Anchorage IT director and mayoral candidate critical of city data system revamp

At a news conference Friday, Anchorage mayoral candidate Lance Ahern predicted that finishing the city's troubled SAP project, a major overhaul of its computerized business systems, would take four years and an additional $50 million if it stays on its current path.

Ahern is the chief information officer for the city, but he's also running for mayor. He made it clear Friday that he was speaking as a candidate, not from his position with the city. He said he's been excluded from executive conversations about the SAP project since January, when he made his concerns about the project known to executives in Mayor Dan Sullivan's administration.

The project is running three and a half years behind schedule and has cost $34 million to date. In October, chief fiscal officer Kate Giard halted the project to conduct two separate external reviews, one of which was a "quality assurance" review by SAP itself.

Ahern said the project should be completed now instead of being stopped and restarted. He said he's concerned the scope is being expanded in ways that are too costly. He also said he based his estimates about the additional time and money needed for the project on current cost and staffing levels.

"If the only choice is between killing this project or completing it on the path we are on now, I would definitely kill it right now," Ahern said.

Ahern said he decided to hold the news conference to discuss SAP after fielding questions about it from voters and other mayoral candidates. He said he shares blame for the project's rocky history and has posted his take of that history on his campaign website. But he emphasized he's not part of the core team making decisions today.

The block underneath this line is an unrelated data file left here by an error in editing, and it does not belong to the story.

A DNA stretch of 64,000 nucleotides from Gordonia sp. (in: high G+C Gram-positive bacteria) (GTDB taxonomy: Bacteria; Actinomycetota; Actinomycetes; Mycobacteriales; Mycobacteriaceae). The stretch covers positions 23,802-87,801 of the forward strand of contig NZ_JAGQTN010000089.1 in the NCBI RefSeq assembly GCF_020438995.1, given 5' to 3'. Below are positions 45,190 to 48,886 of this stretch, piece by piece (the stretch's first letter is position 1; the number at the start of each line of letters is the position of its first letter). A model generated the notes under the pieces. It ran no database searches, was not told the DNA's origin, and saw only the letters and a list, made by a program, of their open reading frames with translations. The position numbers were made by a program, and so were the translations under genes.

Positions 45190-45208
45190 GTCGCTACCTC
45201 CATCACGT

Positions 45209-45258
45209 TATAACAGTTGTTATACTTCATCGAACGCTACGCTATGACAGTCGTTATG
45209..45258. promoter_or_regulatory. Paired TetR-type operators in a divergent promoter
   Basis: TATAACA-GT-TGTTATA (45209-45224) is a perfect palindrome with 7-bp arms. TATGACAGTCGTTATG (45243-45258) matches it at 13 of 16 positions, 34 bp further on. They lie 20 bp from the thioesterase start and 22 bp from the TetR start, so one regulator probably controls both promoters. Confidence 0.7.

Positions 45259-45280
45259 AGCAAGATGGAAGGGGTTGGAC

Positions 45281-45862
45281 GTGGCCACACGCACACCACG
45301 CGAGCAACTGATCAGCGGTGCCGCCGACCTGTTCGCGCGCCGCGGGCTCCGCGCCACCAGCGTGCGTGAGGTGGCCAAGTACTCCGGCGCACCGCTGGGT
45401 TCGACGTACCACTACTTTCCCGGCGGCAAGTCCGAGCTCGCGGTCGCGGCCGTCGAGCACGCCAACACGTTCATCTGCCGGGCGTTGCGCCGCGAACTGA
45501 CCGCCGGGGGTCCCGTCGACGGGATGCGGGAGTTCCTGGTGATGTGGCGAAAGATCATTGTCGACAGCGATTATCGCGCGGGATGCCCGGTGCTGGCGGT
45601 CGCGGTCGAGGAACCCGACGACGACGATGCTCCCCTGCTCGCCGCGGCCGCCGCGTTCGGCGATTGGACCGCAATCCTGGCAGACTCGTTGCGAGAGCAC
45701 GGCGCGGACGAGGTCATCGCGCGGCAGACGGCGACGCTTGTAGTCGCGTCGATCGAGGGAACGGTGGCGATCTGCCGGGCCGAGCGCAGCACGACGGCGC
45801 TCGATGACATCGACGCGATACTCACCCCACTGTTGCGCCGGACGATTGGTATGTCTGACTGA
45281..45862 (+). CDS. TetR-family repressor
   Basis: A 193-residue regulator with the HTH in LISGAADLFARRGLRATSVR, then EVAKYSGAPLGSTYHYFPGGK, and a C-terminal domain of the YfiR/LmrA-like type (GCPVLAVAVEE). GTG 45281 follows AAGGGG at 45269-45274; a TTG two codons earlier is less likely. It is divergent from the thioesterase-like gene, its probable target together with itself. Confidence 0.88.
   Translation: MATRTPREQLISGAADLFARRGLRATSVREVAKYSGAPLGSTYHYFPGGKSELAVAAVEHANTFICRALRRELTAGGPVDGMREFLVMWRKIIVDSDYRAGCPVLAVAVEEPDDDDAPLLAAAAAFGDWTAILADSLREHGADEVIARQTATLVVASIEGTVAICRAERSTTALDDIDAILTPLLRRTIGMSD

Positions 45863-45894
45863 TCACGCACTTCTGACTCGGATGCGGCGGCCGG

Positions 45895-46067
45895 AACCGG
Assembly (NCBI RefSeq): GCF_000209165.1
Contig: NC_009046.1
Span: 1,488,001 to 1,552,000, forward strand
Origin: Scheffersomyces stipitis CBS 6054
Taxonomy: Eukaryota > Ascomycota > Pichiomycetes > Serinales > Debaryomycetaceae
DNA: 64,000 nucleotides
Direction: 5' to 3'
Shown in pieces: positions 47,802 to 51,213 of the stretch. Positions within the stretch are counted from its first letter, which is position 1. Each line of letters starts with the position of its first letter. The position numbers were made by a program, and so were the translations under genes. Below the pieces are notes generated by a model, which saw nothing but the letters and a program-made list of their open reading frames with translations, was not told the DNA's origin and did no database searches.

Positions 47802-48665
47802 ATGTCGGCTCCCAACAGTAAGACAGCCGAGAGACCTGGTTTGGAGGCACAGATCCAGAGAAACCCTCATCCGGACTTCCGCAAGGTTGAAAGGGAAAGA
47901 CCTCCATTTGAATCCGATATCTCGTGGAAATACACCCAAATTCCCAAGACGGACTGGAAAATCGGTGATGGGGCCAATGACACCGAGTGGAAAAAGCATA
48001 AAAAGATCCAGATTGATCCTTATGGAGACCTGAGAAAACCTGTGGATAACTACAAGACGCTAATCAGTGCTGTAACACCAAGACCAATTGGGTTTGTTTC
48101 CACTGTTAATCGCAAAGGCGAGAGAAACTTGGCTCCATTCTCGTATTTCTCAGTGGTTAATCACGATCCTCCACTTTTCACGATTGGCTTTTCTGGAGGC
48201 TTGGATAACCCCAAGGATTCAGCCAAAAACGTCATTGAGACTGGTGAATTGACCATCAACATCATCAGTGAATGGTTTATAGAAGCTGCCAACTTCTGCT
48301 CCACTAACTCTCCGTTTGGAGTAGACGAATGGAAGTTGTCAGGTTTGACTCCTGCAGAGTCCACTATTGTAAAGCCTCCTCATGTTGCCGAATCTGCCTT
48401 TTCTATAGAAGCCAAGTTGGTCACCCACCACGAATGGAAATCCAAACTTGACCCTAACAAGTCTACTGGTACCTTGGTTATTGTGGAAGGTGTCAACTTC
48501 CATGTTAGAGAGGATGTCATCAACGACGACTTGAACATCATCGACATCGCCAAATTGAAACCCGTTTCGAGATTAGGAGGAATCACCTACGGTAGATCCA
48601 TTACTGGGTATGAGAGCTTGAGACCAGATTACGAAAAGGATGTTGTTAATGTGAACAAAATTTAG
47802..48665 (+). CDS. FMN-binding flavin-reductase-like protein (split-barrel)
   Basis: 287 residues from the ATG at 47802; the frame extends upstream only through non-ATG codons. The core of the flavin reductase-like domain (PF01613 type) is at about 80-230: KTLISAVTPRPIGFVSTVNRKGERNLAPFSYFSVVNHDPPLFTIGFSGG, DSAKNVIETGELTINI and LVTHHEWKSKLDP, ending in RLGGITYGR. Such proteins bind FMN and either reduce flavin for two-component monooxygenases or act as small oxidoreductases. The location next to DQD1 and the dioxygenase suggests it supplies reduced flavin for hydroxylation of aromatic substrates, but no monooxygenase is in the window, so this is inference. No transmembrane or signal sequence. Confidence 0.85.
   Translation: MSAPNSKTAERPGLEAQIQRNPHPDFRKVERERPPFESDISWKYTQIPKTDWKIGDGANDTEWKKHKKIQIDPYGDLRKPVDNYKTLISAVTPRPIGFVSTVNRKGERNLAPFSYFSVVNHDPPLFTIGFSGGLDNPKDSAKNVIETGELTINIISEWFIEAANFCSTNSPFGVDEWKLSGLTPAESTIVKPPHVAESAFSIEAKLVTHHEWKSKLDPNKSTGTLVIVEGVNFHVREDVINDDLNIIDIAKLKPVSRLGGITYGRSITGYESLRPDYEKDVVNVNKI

He also pushed back against characterizing SAP as an "IT project."


"It's not an IT project. It's a business project," Ahern said, adding that his department's staffing on the project was consistently adequate.

City officials said Friday they were surprised to hear his cost and time predictions and did not know the basis for them. In an email, Giard said scope changes have not been evaluated and any changes will be presented to the Assembly for final approval. She said a cost estimate will come late in the summer.

In an interview Friday, Mayor Dan Sullivan said Ahern had been talking about resigning for the last eight months. He said that uncertainty was taken into consideration when setting Ahern's role in recent months.

Sullivan said Ahern has been "integral" to the project for the last three and a half years, and that Ahern appeared to be minimizing his role. Both he and Giard said Ahern was on a steering committee that met on a near-daily basis in February to build a response plan to the SAP quality assurance review, and has met weekly in March.

Ahern said he has communicated his concerns to senior management as well as members of the Assembly. He said he acknowledges past problems, but he's now far more worried about the future.

He said that if he were mayor, he would take "personal ownership" of the project, find ways to do it cheaper and increase the pressure to finish it.

Devin Kelly

Devin Kelly was an ADN staff reporter.